18 September 2023
UK Automotive Industry

Jesse Norman, Minister of State for Decarbonisation and Technology, responds to a debate on the UK automotive industry.

The Minister of State, Department for Transport (Jesse Norman)

What an excellent debate it has been! I have been very interested to follow the contributions that have been made—very welcome they are too. You may recall, Madam Deputy Speaker, that this debate follows an urgent question that was tabled by the Labour party some months ago regarding the state of the automotive sector, at which Labour Members were mortified to discover that vast numbers of investments were already under way. It is unfortunate that the hon. Member for Sefton Central (Bill Esterson) talks about being let down. If this country, this economy and this industry are feeling let down, why is it that there has been this astonishing succession of investments? That speaks not to people feeling let down, but to confidence and investment in the future.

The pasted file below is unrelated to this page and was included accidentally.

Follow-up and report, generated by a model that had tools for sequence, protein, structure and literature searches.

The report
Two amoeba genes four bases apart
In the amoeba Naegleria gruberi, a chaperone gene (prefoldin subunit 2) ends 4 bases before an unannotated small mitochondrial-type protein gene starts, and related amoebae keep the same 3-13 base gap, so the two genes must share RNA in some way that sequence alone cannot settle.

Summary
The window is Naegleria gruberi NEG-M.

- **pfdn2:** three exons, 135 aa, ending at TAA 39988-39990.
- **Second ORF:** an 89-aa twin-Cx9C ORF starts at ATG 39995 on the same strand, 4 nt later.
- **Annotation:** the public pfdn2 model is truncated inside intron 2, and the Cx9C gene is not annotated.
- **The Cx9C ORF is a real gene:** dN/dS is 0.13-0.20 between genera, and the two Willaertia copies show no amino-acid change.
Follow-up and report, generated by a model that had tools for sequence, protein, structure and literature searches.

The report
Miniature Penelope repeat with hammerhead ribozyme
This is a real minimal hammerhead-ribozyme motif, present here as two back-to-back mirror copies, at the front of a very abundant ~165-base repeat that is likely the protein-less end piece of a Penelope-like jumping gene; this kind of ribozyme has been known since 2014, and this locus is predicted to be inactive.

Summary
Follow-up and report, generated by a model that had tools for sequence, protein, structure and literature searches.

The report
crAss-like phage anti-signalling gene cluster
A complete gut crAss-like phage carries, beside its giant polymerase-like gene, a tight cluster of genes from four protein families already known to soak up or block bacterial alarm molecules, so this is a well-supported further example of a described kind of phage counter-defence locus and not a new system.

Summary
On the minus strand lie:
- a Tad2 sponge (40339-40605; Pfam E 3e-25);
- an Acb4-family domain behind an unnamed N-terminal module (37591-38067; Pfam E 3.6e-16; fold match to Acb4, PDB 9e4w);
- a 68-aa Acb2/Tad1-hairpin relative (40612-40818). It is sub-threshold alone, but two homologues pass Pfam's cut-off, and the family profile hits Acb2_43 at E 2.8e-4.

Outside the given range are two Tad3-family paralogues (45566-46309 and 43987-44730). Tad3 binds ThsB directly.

We celebrate BMW Group’s announcement that it will invest £600 million in the production of two all-new electric Mini models, supporting the full transition to electric vehicle production by 2030. We welcome that, as do both Members of Parliament for Oxford, the hon. Member for Oxford West and Abingdon (Layla Moran) and the hon. Member for Oxford East (Anneliese Dodds). We are very pleased to have their support, as well as that of Members across this House. We welcome the fantastic investment that Stellantis has made in Ellesmere Port, as has the hon. Member for Ellesmere Port and Neston (Justin Madders), although he could not avoid being gloomy about that aspect of the tremendous investment that is taking place. That makes the plant the first all-EV facility in the UK, and one of the first in Europe.